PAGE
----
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Psychol Rep. 2005 Apr;96(2):533-41.

Why do people reject unintended inequity? Responders' rejection in a truncated ultimatum game.

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Hokkaido University, Sapporo, Japan.


Rejection of an inequitable and yet unintended outcome in a truncated ultimatum game was examined in an experiment with 46 undergraduate students (27 men and 19 women) from a large national university in Japan. In an ultimatum game, one of two players, the proposer, makes an offer to divide a fixed-sum of money. The other player, the responder, decides whether to accept or reject the offer. When the responder rejects the proposer's offer, neither of the two players receives a reward. Previous work examining the behavior of participants in the truncated ultimatum game employed strategy method in their experimental design. We examined whether these previous findings would be replicated in an experimental design that did not use the strategy method and instead used the standard one-shot game. Seven out of 46 responders given an inequitable offer rejected it, replicating prior results with the strategy method. We further found that subjects who rejected an offer that was involuntary and yet inequitable did not over-attribute intentions to the proposer's involuntary behavior more strongly than did acceptors. These findings strongly suggest that aversion to inequity is the explanation for the subjects' rejection of the inequitable offer.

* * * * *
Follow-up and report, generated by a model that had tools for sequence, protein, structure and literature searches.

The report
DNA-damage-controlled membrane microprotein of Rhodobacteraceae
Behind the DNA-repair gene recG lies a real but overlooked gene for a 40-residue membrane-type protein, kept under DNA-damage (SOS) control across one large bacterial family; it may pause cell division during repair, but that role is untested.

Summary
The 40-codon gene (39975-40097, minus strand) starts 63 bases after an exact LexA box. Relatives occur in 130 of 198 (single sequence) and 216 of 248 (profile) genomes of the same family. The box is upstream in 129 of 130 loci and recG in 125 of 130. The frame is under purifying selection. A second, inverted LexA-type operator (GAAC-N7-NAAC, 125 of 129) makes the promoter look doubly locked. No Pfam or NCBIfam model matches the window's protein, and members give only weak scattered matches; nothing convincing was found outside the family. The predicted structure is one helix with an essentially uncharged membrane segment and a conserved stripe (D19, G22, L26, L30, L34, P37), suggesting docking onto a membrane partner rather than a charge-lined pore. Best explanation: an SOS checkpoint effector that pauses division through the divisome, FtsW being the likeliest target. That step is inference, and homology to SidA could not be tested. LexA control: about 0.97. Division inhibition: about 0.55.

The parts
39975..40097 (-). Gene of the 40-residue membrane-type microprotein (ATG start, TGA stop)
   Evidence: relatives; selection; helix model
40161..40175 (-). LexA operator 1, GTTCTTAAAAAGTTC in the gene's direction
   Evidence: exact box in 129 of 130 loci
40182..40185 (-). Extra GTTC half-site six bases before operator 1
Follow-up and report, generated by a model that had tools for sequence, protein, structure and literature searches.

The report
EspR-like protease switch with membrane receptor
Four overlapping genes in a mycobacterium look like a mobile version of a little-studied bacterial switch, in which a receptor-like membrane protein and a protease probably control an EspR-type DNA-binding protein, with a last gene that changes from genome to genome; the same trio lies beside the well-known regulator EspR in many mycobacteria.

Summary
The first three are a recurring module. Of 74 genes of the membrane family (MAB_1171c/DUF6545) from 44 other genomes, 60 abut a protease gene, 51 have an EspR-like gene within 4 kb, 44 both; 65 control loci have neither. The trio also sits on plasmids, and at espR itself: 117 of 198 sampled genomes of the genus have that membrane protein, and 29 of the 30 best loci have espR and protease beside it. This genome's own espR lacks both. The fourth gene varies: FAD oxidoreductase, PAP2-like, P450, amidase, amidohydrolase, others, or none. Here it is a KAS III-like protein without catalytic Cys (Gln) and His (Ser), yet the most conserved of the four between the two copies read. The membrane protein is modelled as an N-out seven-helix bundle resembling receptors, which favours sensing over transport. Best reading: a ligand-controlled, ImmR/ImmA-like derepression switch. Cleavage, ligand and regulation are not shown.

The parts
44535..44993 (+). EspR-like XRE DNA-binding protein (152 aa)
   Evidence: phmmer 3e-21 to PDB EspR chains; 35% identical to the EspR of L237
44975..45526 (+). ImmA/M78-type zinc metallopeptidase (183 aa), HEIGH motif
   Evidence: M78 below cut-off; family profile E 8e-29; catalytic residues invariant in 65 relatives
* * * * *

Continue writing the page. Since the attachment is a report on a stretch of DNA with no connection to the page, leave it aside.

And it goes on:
[Indexed for MEDLINE]

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